Today’s post is part of our continuing series of blog posts from the students in Honors Seminar 321V, Smelling Old Books: The Art & Science of Preserving Our Past.  The students were asked to consider ways in which learning about heritage preservation has changed their attitude about any aspect of their relationship to the objects around them in their daily lives and habits.

From Quinn Tipping:

Last fall I took over as choir director at Memorial Lutheran Church, just south of campus.  As choir director, I spend a large part of my time dealing with paper.  Music needs to be sorted, counted, filed, repaired, etc.  Fortunately, the church where I work has a designated music library, complete with several large file cabinets and shelves; however, though the music is, for the most part, neatly catalogued and stored, the manner in which it is kept is not ideal for preserving its integrity and ensuring its longevity.

Modern Schirmer edition of Ippolitov-Ivanov's "Bless the Lord, O My Soul"

Due to the lack of climate control in the church, the library experiences seasonal extremes in temperature and humidity, which is stressful and ultimately damaging to the documents.  Each musical selection is kept in simple cardstock folders placed inside metal file cabinets.  It is likely the folders are not acid free, and they provide no support to the documents they contain.  To make matters worse, I have found bugs of varying varieties within the folders.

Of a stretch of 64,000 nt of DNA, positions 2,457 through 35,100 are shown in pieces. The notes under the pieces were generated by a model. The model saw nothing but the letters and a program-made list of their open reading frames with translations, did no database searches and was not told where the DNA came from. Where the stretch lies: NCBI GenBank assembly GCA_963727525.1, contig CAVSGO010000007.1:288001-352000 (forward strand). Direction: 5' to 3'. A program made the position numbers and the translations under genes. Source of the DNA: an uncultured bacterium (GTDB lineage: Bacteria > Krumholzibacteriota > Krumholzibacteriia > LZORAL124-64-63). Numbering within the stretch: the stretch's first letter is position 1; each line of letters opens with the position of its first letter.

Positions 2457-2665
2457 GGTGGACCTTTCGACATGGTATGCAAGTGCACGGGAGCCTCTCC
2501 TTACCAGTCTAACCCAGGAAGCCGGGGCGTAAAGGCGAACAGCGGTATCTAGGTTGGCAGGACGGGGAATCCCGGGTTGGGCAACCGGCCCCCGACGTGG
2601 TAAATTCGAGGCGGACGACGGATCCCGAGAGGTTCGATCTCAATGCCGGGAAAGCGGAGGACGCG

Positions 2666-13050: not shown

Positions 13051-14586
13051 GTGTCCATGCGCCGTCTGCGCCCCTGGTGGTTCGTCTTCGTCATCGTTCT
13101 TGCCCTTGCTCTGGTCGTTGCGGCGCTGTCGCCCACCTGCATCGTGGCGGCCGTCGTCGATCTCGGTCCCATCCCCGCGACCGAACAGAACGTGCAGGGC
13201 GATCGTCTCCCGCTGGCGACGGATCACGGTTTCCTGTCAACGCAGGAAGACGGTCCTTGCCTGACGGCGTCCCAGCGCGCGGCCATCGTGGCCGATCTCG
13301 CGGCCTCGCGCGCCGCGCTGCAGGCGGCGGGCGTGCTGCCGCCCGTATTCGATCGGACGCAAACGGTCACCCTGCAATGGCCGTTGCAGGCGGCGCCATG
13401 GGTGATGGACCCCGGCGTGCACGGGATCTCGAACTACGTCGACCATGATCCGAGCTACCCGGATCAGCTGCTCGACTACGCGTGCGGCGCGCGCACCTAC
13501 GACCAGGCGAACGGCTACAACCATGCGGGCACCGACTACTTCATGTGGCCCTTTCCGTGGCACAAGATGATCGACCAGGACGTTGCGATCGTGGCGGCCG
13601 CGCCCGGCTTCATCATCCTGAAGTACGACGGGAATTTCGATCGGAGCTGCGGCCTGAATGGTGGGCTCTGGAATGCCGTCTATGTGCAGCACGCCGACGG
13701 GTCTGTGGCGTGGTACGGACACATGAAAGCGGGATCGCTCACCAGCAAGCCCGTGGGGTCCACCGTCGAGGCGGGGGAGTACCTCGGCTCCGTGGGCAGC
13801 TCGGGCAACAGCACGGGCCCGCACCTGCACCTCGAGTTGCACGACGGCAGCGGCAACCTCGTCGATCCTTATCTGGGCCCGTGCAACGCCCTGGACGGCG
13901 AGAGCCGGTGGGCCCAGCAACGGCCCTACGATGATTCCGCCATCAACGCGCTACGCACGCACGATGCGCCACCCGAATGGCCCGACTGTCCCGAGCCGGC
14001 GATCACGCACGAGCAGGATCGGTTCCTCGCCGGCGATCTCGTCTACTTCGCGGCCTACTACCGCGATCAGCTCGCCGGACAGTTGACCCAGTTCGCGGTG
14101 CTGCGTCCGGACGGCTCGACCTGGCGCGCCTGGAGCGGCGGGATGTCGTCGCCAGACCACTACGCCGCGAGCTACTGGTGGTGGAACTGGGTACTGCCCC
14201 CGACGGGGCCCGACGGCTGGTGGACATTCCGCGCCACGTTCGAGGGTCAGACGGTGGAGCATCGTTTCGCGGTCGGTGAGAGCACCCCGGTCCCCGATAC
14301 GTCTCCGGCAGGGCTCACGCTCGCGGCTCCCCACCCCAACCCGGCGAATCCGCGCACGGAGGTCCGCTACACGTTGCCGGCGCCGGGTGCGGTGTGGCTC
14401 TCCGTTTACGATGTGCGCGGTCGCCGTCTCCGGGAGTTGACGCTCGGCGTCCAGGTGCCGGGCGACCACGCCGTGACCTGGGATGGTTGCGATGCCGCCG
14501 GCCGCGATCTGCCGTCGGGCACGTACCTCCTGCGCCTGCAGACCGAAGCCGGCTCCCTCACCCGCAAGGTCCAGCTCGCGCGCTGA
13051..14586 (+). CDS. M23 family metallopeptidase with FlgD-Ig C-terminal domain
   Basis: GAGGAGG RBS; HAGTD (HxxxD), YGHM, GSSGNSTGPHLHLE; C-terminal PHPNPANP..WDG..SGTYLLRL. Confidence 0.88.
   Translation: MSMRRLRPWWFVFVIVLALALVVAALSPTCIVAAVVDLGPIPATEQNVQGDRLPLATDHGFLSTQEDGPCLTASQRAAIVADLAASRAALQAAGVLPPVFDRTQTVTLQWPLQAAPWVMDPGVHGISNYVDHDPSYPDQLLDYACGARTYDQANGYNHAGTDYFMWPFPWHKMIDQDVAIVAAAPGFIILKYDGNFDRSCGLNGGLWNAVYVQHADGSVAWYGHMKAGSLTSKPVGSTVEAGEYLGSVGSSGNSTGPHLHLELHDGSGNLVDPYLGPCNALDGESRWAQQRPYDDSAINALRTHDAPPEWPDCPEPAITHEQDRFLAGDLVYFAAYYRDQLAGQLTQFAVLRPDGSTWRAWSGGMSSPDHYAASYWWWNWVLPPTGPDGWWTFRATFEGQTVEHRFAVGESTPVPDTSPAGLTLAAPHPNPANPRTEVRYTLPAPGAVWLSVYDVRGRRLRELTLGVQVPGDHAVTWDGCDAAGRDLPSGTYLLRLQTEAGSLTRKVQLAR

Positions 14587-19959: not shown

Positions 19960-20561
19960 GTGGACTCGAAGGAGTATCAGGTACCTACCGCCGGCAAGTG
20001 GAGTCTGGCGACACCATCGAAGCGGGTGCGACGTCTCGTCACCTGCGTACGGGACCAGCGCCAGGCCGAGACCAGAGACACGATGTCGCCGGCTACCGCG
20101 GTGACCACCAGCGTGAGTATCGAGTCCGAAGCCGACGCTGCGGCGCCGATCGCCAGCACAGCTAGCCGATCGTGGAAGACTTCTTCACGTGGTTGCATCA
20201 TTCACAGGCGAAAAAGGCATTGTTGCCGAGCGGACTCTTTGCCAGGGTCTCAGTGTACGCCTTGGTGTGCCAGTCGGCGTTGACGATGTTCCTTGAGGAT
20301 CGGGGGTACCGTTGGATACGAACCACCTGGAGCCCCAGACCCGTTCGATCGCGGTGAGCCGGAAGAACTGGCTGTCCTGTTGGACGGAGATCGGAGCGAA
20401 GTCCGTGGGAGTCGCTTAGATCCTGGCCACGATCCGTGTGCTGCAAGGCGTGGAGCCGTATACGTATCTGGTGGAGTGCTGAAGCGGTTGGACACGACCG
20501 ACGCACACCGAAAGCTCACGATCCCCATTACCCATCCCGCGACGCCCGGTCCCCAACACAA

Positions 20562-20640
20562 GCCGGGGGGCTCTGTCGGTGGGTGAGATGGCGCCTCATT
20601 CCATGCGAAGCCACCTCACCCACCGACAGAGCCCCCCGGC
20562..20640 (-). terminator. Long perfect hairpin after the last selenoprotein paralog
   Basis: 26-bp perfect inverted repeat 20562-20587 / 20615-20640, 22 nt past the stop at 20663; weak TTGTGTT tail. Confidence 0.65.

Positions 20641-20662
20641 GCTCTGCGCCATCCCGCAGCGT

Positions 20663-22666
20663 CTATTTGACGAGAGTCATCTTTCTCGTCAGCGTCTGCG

Prior to taking this Honors seminar, I had never thought of the physical music as a historical document.  Now, I take pause.  A week ago I went to the music library to pull a piece for the choir to sing this November, “Bless the Lord, O My Soul” by Ivanov, a Russian composer of the late 19th and early 20th centuries.  I pulled the cardstock folder out of the file cabinet, opened it, and was struck by the intricate and beautiful red and black design on the cover of the now yellowed G. Schirmer edition.  Very Russian.  I opened the music to look for the edition printing year, and discovered that the copies were printed in 1913, nearly a century ago.  These pieces of music, held and used by choir members for almost 100 years, provide a unique link to our musical heritage.  They have a history.  And, I believe, a history worth preserving.

From Maria Arendt:

A few weeks ago I took a book off the library shelf and all I thought about was the information it contained and making sure that I checked it out before walking out of the library doors so that the annoying and embarrassing alarms didn’t go off.

Now, when I take a book from the shelf I think about how it may have been changed since its original printing.  If it was rebound, and if I think it has been rebound, I look at how good the craftsmanship is. I also think about what materials it’s made of and how they may react to each other in the future.  I wonder how the book will look in 20 or 30 years, and what damage may happen even if the book is never touched.  What chemical changes will this book undergo?  The honors seminar 321V has changed my understanding and outlook of the book as an object, not just a way to get information.